sumpuzzle is a challenging test of logic and simple arithmetic in which the player positions numbers to satisfy six intersecting sums. These intersecting sums contain exactly 9 numbers: the digits 1-9. The starting puzzle presents a grid showing the intersecting sums and their totals, but not the numbers used. The player must work out where to place the numbers 1-9, each of which must appear exactly once.
Figure 1. is a screenshot from sumpuzzle showing the beginning of a game. Here only the operators +, -, x and / and the results are shown. The values that make up the sums are missing and each of their squares contains tiny "candidate" numbers 1-9. These are buttons which can be left clicked for removal or middle clicked for setting the number for the square. A right click will replace a deleted candidate. Also seen in this figure is the fact that the player has left clicked on the green icon at the end of the second horizontal sum. This has brought up a list of the 4 possible sets of numbers which satisfy that sum. The player hence knows that the first number in this sum is 5, 6, 8, or 9, that the second is 9, 8, 6 or 5, and the third is 8 or 5. Click to see an animation showing the use of the buttons to solve this complete puzzle. The delay between images is 2 seconds.
The grid contains 6 simple sums: 3 across and 3 down. Initially only the operators (+ add, - subtract, x multiply, / divide) and the result of each sum are shown. Players fill in the numbers 1 to 9 which satisfy the intersecting sums. Each number only appears once in the grid. Arithmetic is performed left to right. The candidate numbers are shown in each of the 9 squares. Left-clicking on a candidate will erase it; middle-clicking will reveal it; right-click will set it as the solution for that square. The green wand icons at the end of each sum provide assistance: left-click will reveal a list of the sets of numbers which satisfy the sum (please see Figure 1.); right-click will remove any candidates that are not in the list; middle-click will restore all the candidates for the sum. At the top of the display is a Toolbar. The jigsaw piece button at the left is a menu which has options for entering puzzles, reading them from files or saving them to disk. The menu includes options for configuring the display and saving the current settings. It also has an option to set the number of sets of numbers that satisfy each sum: roughly speaking, the more sets the harder the puzzle. Next to the jigsaw icon is a calculator-like icon which is used for selecting a random puzzle; a thumb for checking and correcting errors, and a sad smiley for showing the solution. To the right is a clock which ticks every 5 seconds. Eack puzzle is generated when the player clicks on the calculator icon: there are an unlimted number of puzzles.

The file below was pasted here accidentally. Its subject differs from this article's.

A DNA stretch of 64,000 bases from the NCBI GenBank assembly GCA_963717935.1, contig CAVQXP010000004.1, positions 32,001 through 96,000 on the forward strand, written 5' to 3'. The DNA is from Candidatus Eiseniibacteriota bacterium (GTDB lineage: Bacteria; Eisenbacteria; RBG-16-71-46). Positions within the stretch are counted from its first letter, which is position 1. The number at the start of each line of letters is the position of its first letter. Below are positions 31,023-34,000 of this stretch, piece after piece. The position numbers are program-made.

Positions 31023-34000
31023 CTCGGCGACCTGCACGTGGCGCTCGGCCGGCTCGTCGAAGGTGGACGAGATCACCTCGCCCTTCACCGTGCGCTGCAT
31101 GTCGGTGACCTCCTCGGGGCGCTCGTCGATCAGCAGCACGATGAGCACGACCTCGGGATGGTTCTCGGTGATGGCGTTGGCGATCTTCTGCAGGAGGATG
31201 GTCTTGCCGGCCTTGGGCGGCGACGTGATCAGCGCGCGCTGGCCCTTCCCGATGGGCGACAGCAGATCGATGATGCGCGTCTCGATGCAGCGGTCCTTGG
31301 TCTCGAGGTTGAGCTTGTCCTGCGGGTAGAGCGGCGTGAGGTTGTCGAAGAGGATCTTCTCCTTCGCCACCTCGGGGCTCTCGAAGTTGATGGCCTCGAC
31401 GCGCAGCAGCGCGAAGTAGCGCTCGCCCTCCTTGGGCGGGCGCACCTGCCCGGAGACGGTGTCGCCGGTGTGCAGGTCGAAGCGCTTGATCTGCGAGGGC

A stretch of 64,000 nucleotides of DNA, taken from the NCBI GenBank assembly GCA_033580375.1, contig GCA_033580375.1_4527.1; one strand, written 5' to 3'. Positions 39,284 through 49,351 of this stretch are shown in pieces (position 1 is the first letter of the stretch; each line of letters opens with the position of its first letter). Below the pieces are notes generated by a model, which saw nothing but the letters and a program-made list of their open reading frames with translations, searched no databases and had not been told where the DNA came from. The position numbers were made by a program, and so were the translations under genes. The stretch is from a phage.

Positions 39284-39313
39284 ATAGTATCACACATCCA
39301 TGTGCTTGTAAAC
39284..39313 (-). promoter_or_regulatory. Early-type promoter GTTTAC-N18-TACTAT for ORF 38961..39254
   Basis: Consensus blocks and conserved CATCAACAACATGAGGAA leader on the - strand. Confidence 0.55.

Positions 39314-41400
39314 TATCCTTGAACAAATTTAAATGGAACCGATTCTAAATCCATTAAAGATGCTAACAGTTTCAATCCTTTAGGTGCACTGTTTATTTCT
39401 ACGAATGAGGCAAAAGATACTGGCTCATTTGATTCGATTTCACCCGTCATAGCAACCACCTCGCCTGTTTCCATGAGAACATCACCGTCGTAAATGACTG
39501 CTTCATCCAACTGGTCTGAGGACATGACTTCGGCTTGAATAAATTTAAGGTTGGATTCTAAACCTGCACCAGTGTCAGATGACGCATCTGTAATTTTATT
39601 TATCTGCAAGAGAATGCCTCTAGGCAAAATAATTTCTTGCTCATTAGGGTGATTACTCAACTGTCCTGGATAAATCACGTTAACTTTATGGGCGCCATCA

Each of the squares which have yet to be given a value contain tiny "candidate" numbers 1-9. These are buttons which can be left clicked for removal or middle clicked for setting the number for the square. A right click will replace a deleted candidate. In this way they can be used as a simple notepad while working towards the solution for each square. If the player cannot make progress, hints are available.
Hints are requested for individual sums using the wand icon at the sum's end. A left-click will bring up a list of all the possible sets of digits which satisfy the sum. A right-click will delete all candidates in the sum which do not appear in these sets. A middle-click will resore them.
Of course, use of the hints is not obligatory and purists can work out everything for themselves and simply use the candidate buttons as a notepad for each square.
The Puzzle menu contains options for reading puzzles from files, saving puzzles to files and for entering puzzles through an on-screen editor. To facilitate this a strict format is used; an example of which is shown here.
If the program finds any deviation from the format it will give an error message and display the offending line of data, and allow the user to edit the file in an on-screen editor window. An example of which is shown in the adjacent screenshot. The puzzle will also be rejected if it has more than one solution.
Checking for Errors
Clicking on the hand button causes the program to check the puzzle for errors (which can occur due to the player removing incorrect candidates). If errors are detected the hand will flip to the thumbs down position. A further click on the hand will reverse all moves made by the player, back to the last time the puzzle was error free. Note that when a hint is requested the program always checks the puzzle for errors first. If errors are detected no hint search will be performed, the hand will flip to thumbs down and the squares with errors will be highlighted.
Analysis of all the possible combinations of pairs of the operators +, -, x and / with the digits 1 to 9 shows that there are 5292 different sums. Of these, 8 are satisfied by only one set of numbers, 98 by 2 sets, 70 by 4 sets, ..., 3 by 48 sets. For example A / B x C = 9 is only satisfied by 6 / 2 x 3 = 9; and A + B x C = 119 is satisfied by 8, 9, 7 and 9, 8, 7; but A + B + C = 16 is satisfied by 48 different sets of numbers.
Obviously a major determinant in the difficulty of solving these puzzles is the number of different sets of numbers which can satisfy each individual sum. The next factor is the particular ways in which the sums intersect: each number is in two sums and hence must satisfy both. Finally, the numbers 1 to 9 must each appear exactly once, and so, as for Sudoku, this can further help to reduce the number of alternatives.
To allow the player to set the difficulty of the puzzles presented the Puzzle menu contains an option to select how many sets of numbers satisfy each sum. This value is the average number of sets over the whole puzzle.